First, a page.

Between Shades of Gray by Ruta Sepetys *Stephanie’s Review*

Posted January 22nd, 2018 by in *Review / 0 comments

Between Shades of Gray by Ruta Sepetys *Stephanie’s Review*Between Shades of Gray by Ruta Sepetys
Also by this author: Salt to the Sea
Published by Speak
Genres: Young Adult
Pages: 352
Format: eBook
Read in: October 2017
Source: Personal Collection
Add to: Goodreads

Lina is just like any other fifteen-year-old Lithuanian girl in 1941. She paints, she draws, she gets crushes on boys. Until one night when Soviet officers barge into her home, tearing her family from the comfortable life they've known. Separated from her father, forced onto a crowded and dirty train car, Lina, her mother, and her young brother slowly make their way north, crossing the Arctic Circle, to a work camp in the coldest reaches of Siberia. Here they are forced, under Stalin's orders, to dig for beets and fight for their lives under the cruelest of conditions.

Lina finds solace in her art, meticulously--and at great risk--documenting events by drawing, hoping these messages will make their way to her father's prison camp to let him know they are still alive. It is a long and harrowing journey, spanning years and covering 6,500 miles, but it is through incredible strength, love, and hope that Lina ultimately survives. Between Shades of Gray is a novel that will steal your breath and capture your heart. - via GoodReads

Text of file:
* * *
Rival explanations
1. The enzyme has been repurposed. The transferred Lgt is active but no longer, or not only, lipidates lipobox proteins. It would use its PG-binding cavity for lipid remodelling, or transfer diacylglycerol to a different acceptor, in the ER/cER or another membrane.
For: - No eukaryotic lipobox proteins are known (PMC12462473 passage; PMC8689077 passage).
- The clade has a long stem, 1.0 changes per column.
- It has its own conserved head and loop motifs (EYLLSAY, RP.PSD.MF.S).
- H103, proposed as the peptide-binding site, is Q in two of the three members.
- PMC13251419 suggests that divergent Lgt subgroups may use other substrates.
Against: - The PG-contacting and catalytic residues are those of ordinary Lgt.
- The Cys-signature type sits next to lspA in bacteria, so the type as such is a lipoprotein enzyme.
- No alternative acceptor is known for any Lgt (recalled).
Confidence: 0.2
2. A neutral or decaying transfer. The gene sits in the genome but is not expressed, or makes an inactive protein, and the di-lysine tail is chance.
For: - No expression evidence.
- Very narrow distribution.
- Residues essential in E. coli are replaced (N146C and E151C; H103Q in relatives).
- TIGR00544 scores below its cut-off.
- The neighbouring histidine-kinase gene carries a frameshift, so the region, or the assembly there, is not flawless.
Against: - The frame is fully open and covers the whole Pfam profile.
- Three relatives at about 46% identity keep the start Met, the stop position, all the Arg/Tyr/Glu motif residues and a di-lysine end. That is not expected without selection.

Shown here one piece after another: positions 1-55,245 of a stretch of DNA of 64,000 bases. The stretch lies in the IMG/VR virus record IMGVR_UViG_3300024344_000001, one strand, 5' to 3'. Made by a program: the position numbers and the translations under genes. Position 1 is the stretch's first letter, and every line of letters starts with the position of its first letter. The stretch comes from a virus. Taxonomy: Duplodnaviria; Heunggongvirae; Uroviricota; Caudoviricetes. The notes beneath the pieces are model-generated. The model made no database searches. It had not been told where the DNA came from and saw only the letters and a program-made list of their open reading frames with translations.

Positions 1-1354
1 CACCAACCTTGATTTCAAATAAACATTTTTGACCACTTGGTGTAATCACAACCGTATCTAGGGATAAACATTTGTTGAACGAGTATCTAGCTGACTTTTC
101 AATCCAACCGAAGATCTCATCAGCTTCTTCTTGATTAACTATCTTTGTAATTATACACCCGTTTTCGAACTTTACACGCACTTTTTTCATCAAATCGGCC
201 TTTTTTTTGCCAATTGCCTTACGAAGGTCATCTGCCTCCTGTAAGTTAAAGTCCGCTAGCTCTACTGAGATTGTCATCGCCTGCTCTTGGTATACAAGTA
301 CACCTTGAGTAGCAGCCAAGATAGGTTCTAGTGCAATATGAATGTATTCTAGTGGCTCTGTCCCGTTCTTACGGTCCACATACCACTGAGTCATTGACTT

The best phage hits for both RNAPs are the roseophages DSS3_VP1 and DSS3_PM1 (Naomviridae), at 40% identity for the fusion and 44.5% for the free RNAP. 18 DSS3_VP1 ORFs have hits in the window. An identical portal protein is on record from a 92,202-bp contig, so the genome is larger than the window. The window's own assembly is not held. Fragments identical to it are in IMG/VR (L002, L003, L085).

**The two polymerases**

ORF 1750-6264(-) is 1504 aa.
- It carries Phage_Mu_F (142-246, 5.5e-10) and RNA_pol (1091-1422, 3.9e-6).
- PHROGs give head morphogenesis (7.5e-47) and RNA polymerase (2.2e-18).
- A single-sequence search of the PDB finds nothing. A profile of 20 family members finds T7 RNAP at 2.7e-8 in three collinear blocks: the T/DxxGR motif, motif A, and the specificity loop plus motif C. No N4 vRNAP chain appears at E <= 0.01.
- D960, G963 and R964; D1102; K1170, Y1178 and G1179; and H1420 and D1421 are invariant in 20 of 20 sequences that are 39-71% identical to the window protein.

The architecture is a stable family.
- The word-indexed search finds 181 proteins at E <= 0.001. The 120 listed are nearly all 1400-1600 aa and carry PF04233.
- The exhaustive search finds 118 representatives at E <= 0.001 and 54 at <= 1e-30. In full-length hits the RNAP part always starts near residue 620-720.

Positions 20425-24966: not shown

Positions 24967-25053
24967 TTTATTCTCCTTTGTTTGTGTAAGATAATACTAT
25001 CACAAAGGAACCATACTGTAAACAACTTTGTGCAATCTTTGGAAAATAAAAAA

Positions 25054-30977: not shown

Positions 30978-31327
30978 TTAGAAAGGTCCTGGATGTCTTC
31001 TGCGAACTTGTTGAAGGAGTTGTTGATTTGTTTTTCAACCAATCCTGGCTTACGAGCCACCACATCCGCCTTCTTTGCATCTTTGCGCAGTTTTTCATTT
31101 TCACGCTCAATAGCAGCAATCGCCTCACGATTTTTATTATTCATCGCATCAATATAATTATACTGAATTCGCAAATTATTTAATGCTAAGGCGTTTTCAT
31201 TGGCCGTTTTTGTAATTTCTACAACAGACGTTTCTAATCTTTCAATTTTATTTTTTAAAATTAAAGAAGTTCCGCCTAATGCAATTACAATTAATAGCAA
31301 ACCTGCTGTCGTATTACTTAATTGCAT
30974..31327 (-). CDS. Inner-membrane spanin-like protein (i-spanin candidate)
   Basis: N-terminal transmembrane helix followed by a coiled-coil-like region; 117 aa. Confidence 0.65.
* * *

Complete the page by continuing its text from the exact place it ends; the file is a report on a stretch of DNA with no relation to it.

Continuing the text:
4 Stars

I wanted to read Between Shades of Gray by Ruta Sepetys when I saw Alexa talking about how much she enjoyed it quite awhile back. I have never read a book by Sepetys before and I figured Between Shades of Gray was as good a place to start as any!

I am not going to lie I had a very hard time putting this book down. It’s always hard to say that historical fiction based on horrific events is a good read but this one was. I hadn’t heard much (let’s face if anything at all) about the Lithuanian people and their plight during WWII. To be honest, I didn’t know that there was much of a distinction between concentration camps and work camps. They are both equally horrifying. The hardest part about this type of a read is watching how people can treat other human beings so callously.

Lina’s story was heartbreaking. Of course we know how the general story ends but Sepetys captured my interest specifically in Lina’s story. It was devastating and it pulled at everything in me that is human. I had hoped desperately that Lina’s story would have as happy an ending that was possible for her. The fact that I have to even quantify that instead of just saying a happy ending says something. I learned a lot through Between Shades of Gray. Almost all of it was bad but it was good information to know. Through it all was a message that hope is very hard to kill.

Between Shades of Gray by Ruta Sepetys made me want to read more historical fiction, specifically about WWII from other countries’ (outside of the US) perspectives. It also made me want to delve into Sepetys’s back list. I will definitely be doing both!

Stephanie

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